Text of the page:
The tiger is a symbolic animal for Korean folks as the magnificent animal appears in the tale of the Dangun Legend together with a bear.
Throughout the centuries Koreans both feared and revered the top predator as the most propitious animal along with the legendary animal of the dragon.
It was used as the symbolic emblem of the 1988 Seoul Summer Olympics. Tigers still are widely favored as the most symbolic animal for most Koreans.
But, sadly it is not clearly know when the tigers became extinct in this land of tigers where the big wile cats roamed by the hundreds freely for hundreds or perhaps thousands of years.
Not many Koreans know of when and how the Korean tigers disappeared from the Korean Peninsular at least from South Korea.
The honorary chairman of the Japanese Wild Birds Association (å¯ðèüå) kept track of the Korean tigers for the last 20 years before he came up with his own book titled "Why Korean Tigers Disappeared?" released in 2009 by Adam Books.
In the foreword of his book he made a sincerely apology to Korean folks for the mass killing of the Korean tigers by the Japanese hunters and explorers at the turn of the century and thereafter.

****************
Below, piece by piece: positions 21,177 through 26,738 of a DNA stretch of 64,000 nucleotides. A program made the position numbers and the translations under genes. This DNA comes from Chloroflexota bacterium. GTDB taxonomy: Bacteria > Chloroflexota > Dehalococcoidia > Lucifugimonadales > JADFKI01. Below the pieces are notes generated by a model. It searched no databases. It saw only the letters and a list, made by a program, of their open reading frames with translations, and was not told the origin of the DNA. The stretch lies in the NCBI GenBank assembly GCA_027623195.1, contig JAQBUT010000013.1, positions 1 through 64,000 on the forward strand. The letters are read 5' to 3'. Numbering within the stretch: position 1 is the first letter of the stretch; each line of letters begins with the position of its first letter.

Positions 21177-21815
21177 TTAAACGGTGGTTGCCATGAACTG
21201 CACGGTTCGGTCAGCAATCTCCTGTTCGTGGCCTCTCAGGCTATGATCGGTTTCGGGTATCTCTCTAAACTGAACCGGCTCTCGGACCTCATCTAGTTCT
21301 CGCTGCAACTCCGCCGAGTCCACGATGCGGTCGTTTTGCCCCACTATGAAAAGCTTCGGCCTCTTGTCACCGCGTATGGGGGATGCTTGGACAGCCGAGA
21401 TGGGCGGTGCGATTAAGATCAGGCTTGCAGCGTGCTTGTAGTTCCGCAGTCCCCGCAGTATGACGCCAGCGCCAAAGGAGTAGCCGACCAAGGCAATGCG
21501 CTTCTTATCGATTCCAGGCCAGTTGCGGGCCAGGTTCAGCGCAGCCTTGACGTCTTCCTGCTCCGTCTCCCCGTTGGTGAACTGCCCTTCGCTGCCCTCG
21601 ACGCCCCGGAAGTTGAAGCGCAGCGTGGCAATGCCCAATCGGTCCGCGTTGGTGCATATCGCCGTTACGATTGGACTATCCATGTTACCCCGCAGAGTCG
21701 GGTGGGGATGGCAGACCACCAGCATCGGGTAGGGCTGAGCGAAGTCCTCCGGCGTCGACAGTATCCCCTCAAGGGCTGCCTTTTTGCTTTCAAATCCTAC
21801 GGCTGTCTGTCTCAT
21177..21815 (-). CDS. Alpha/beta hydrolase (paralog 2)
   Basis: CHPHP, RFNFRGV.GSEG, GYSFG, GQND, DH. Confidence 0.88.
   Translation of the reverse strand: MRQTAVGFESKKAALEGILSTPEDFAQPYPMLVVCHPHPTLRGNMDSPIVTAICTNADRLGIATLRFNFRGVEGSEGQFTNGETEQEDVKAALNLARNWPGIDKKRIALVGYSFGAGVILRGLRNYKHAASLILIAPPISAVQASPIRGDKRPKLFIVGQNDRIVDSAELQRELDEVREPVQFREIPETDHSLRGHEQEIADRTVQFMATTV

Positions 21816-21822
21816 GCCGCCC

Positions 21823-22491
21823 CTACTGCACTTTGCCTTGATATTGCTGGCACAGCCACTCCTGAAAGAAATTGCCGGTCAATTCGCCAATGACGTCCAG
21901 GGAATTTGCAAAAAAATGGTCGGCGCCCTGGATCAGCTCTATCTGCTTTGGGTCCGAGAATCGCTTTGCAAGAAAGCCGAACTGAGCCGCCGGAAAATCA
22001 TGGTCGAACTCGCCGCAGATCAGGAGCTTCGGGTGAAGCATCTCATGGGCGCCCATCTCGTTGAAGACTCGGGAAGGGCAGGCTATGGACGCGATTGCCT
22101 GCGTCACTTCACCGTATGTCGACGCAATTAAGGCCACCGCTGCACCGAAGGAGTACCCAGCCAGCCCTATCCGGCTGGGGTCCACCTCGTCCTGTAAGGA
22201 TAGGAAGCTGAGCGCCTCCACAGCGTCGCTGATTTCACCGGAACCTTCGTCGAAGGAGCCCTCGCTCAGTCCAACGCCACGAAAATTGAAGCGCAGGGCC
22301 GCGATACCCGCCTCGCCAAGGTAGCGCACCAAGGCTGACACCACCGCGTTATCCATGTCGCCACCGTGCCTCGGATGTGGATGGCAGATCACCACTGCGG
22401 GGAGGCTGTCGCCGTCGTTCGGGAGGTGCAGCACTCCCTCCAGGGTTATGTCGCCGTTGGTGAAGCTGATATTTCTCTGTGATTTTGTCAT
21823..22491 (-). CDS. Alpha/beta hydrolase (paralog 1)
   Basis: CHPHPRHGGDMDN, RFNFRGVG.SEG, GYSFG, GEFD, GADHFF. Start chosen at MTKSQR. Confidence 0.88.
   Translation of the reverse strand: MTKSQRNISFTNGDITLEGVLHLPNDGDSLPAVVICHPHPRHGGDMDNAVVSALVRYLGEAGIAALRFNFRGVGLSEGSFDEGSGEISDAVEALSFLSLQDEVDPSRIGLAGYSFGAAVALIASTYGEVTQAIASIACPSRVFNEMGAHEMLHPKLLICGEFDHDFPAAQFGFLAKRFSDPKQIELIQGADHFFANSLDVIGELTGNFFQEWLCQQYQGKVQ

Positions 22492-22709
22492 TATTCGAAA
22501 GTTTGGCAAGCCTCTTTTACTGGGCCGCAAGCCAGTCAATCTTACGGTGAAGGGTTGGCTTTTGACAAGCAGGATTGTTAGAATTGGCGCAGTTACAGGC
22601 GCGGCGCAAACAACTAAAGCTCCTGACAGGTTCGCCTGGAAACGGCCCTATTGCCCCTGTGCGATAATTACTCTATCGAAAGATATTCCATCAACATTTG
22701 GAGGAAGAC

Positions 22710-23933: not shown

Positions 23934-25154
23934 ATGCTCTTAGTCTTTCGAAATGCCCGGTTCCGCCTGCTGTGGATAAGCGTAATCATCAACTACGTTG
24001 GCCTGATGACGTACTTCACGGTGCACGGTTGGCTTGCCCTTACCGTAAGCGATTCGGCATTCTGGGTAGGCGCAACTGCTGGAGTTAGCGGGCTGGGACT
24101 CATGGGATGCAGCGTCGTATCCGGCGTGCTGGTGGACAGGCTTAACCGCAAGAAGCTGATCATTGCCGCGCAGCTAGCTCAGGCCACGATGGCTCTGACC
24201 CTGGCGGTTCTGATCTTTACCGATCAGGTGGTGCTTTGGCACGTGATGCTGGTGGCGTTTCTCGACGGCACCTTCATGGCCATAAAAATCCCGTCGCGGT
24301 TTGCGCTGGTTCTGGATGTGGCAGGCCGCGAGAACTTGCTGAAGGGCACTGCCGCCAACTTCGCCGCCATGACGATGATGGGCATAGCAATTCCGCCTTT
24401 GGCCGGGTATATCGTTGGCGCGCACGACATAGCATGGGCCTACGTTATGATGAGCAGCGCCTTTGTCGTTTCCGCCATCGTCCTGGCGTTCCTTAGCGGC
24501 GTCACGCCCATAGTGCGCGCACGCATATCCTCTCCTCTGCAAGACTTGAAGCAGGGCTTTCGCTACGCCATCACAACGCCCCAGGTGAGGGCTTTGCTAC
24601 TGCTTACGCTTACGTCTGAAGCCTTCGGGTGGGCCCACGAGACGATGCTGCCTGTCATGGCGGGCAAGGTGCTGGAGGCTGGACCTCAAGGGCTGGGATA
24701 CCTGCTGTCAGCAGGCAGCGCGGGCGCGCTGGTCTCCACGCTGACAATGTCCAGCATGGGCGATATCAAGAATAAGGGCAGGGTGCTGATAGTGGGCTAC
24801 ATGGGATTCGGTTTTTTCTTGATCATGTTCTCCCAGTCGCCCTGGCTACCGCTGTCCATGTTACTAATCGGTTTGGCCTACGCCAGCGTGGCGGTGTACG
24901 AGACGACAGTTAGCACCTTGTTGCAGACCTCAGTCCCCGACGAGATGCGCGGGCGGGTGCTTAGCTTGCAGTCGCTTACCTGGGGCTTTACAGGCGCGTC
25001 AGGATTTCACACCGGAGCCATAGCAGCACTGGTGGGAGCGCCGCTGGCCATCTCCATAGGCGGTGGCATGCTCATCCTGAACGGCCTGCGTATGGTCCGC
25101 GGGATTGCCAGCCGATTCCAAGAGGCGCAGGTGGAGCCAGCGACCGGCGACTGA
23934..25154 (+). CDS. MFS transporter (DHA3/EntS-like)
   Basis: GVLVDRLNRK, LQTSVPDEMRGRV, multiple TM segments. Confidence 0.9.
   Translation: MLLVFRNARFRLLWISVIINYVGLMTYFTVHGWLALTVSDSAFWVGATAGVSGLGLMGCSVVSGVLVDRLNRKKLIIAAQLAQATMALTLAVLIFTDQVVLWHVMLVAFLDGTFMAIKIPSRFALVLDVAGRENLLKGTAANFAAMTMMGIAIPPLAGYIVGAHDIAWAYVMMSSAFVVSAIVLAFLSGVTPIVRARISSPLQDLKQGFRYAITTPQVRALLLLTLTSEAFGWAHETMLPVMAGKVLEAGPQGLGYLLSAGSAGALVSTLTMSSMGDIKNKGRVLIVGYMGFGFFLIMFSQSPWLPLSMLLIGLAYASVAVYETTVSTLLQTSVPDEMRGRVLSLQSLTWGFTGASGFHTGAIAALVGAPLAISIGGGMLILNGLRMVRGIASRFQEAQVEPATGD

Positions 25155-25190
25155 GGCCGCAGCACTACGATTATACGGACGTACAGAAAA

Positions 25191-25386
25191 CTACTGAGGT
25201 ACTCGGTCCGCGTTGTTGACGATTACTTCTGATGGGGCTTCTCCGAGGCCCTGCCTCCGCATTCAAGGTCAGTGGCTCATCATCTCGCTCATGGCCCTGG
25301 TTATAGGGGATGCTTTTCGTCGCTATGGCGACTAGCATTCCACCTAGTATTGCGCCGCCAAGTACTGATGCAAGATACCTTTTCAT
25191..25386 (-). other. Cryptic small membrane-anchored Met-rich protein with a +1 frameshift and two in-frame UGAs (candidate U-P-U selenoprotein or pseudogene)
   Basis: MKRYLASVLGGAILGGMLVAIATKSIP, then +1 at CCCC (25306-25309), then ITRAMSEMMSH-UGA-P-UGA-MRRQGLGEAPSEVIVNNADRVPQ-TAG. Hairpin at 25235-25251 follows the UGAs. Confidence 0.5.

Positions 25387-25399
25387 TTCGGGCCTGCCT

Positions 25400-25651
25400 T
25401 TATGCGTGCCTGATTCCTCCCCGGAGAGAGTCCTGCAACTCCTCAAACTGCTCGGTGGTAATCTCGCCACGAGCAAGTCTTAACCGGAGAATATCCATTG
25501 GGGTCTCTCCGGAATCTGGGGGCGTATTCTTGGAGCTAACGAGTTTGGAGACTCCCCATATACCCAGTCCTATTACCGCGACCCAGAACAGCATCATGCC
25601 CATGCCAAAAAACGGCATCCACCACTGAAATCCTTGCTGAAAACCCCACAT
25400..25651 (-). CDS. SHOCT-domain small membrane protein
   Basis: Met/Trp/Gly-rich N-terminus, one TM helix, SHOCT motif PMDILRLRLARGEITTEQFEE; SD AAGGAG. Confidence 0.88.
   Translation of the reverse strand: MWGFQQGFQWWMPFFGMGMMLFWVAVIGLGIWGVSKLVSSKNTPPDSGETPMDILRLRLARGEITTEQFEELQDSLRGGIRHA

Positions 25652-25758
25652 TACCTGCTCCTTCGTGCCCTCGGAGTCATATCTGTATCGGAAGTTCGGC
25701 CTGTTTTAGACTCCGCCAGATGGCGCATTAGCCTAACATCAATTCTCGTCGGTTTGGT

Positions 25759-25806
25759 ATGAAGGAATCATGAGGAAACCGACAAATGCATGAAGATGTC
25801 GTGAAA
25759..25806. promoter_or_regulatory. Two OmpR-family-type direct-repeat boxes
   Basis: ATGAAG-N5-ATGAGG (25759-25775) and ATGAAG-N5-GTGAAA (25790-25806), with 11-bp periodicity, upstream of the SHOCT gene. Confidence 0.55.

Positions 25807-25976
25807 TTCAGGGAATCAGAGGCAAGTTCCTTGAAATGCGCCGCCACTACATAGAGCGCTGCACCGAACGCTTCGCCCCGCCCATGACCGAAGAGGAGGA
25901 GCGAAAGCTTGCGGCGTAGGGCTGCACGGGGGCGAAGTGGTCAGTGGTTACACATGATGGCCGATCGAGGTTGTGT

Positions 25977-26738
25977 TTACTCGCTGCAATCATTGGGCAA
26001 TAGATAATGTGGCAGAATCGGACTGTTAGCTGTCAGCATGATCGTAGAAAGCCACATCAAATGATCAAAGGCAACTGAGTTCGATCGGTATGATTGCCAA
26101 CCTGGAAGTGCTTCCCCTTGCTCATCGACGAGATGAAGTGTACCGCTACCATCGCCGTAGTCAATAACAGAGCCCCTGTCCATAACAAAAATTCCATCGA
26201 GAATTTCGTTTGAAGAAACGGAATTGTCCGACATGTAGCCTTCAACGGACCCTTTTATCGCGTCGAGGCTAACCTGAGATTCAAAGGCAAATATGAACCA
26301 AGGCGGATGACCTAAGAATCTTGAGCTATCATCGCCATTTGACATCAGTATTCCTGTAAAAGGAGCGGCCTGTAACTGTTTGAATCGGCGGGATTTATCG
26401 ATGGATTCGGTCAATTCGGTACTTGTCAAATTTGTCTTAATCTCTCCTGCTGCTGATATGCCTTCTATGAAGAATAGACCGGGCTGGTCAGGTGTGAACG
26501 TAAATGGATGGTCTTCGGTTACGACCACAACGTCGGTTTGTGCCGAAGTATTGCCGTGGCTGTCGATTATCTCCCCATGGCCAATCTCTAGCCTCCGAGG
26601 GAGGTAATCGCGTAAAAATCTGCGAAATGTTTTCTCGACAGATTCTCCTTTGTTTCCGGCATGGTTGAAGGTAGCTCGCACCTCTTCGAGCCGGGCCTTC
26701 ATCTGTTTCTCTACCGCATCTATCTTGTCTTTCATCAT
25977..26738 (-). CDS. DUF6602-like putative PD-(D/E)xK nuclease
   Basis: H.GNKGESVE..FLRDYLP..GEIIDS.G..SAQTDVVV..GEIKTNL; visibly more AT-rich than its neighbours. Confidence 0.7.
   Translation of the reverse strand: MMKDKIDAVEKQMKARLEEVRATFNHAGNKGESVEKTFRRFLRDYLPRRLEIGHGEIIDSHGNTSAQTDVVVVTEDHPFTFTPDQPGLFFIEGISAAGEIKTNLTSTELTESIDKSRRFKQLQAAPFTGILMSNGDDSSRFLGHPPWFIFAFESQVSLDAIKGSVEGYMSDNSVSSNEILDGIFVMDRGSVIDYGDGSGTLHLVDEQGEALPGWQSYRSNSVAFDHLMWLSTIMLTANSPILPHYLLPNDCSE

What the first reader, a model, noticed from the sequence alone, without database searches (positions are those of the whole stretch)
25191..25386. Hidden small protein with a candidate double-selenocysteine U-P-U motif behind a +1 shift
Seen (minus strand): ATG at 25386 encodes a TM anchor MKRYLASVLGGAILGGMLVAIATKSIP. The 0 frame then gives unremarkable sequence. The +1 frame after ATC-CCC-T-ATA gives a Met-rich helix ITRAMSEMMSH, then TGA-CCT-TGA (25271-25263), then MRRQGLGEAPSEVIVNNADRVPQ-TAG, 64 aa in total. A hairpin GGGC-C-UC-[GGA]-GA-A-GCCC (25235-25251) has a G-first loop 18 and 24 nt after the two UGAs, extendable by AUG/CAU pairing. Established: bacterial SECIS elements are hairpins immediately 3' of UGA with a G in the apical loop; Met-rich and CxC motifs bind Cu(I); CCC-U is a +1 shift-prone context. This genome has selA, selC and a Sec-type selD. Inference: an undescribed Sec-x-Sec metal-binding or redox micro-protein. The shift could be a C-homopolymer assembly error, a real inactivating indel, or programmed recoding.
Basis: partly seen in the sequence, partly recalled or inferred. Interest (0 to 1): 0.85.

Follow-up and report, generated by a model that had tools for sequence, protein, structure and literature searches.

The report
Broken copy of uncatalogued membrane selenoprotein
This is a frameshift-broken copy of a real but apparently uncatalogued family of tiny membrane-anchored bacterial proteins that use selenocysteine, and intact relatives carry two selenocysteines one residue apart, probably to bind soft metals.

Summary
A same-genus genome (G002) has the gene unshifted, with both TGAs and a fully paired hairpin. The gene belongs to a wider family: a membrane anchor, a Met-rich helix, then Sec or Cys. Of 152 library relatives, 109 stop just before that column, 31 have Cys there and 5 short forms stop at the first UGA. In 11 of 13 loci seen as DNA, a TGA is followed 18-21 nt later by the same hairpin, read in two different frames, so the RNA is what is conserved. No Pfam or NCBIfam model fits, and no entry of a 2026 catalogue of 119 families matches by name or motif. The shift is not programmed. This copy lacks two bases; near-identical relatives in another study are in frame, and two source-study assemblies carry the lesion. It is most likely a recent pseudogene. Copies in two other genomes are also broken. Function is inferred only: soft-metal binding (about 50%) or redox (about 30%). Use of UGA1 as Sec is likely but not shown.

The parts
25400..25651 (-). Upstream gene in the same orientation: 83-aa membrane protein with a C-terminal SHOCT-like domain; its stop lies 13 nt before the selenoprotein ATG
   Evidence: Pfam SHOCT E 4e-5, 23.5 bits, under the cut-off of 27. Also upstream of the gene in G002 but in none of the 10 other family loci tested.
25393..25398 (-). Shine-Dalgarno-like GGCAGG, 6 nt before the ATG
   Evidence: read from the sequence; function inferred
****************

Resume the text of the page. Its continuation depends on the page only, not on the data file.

"Behind the extinction of Korean tigers are terrible violence and ruthlessness of the Imperial Japanese," he wrote at the start of his volume. "I just want to apology to the Koreans"
His book, first released in 1986, tells the tale of Korea's last tigers captured in 1908 in Mt. Bulgap in Yeonggwang in South Jeolla Province and one captured in the same year in Mokpo in the same province.
The one caught in Mokpo still remain as a stuffed animal at Yudal Elementary School in port city of Mokpo after undergoing the process of taxidermy. It is the only remailing stuffed tiger in the entire nation.
Mr. Endo Kimio also tells of the last Korean tiger captured on Mt. Daedeok in Gyeongju in 1921.
He rummaged through the old documents at Seoul National University library and other libraries to explain about the captures of tigers during the Japanese colonial period of between 1910 and 1945.
According to him, the last Korean tiger, subspecies of Siberian or Amur tigers, was shot dead on Mt. Daedeok in Gyeongju in October of 1921. He even met in person and interviewed a villager Kim Yu-Geun who was injured by the tiger and later died of the wounds.
He narrates in his book that the villager Kim and a couple of other villagers went to the mountain to make wood just before Chuseok Holidays. The tiger attached Kim on the front and the A-frame on his back saved him from the tiger attack.
At the time a Japanese aristocrat from Imperial Japanese Household was touring the ancient city of Gyeongju and heard about the tiger attack.
The tiger skin was sent to the Japanese Imperial Family as a gift. To kill the last remaining tiger he had to ask Japanese policemen to join the tiger hunting.
According to Mr. Endo Kimio's book during the period hundreds or thousands of wild animals were hunted down or killed every year by the Japanese on the excuse of protecting people from the wild beasts.